=eontinent.[ioi6] In so far as the land belonged to anyone, it was part of the
hunting-grounds of the Bushmen, and the related Strandloopers were present
on the coast. The Bushmen held all the great mountain passes and fastnesses
ion the periphery of the area occupied by the Dutch, and they remained a dis
tinct people, not yet conquered, in the vicinity of the Cape itself, tioiei A certain
^amount of interbreeding began gradually to occur between some of the Dutch
and Hottentots, who thus mingled on soil that was foreign to both peoples. The
, resulting hybrids were the first members of what eventually became the Cape
^Coloured population, which was later further hybridized when the Dutch inilroduced workers from their East Indian possessions.
The Cape Coloured people, despite their hybrid origin, show no sign of
reduced fertility. By 1909 their numbers had risen to about half a million, and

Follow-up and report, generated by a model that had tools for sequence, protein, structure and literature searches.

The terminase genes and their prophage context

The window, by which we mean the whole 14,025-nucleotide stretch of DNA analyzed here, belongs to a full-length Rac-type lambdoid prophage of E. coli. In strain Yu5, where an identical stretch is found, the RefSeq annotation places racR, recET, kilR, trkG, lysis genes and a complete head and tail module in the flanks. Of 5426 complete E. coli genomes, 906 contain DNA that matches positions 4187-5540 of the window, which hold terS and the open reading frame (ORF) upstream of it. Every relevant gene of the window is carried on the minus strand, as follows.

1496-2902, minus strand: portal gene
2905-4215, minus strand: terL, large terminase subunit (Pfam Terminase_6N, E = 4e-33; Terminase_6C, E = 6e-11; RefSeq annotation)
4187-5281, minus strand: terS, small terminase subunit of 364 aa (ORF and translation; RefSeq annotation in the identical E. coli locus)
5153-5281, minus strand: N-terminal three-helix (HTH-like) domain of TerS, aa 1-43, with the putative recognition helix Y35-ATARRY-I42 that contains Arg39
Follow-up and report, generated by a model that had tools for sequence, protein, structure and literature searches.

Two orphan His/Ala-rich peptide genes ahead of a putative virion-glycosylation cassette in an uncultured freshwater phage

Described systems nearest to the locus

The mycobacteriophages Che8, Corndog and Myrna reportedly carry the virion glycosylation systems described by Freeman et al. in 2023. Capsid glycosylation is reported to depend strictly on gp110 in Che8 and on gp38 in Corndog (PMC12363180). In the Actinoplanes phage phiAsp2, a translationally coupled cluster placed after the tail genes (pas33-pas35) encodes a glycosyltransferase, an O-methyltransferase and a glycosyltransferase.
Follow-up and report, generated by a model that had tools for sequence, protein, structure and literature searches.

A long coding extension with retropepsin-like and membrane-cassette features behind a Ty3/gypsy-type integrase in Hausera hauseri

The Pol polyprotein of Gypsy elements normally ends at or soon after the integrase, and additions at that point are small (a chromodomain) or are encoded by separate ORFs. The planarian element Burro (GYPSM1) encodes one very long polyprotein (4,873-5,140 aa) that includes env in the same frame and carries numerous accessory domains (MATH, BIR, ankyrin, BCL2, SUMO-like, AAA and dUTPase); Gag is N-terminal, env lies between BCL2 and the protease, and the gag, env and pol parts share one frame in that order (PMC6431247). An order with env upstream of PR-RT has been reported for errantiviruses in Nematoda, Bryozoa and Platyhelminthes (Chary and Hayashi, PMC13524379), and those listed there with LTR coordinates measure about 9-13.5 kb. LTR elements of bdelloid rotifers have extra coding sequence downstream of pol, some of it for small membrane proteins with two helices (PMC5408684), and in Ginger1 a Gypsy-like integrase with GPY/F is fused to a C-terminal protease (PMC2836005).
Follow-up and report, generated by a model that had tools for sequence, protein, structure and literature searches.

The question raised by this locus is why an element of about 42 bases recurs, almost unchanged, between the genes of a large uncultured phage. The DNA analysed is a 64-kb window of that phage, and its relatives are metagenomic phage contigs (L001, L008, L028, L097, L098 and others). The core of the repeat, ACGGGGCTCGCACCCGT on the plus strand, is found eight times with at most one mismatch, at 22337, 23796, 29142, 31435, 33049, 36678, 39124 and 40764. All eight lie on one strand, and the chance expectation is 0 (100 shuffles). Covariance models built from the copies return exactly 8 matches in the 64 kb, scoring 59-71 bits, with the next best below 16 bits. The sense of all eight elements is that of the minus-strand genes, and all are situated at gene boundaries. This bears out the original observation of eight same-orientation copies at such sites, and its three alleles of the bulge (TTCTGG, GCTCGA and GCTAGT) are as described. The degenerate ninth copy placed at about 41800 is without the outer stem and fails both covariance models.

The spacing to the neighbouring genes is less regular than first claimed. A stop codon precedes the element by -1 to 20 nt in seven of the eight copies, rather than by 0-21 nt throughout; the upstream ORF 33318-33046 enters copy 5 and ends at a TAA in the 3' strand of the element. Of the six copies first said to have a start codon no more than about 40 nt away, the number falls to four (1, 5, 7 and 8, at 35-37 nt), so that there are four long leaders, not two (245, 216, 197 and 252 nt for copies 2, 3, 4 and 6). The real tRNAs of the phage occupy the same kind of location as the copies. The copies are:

fifty years later to more than 1,400,000.(261 Nevertheless there is no proof that
hybridity among human beings is invariably eugenesic, for many of the possi
b le crosses have not been made, or if they have, their outcome does not appear
to have been recorded. It is probable on inductive evidence that such marriages

would not be infertile, but it is questionable whether the hybridity would!

necessarily be eugenesic. For instance, statistical study might reveal a
preponderance of female offspring, which would suggest a failure of embryos!
of the heterogametic sex to develop (p. 94). Again, one would need to provs
that the filial generations in the direct line, without back-crosses to either of the]
parental stocks, retained their fertility. It will be remembered that in crosses
between species among animals under domestication, the offspring sometimes]
show reduced fertility when mated to similar hybrids, but not when mated to]
the parental stocks (paragenesic hybridity).
When two human races are present in the same country in very disproporJ
tionate numbers, the hybrids produced will necessarily tend to intermarry
chiefly with members of the more numerous race, and their fertility mayl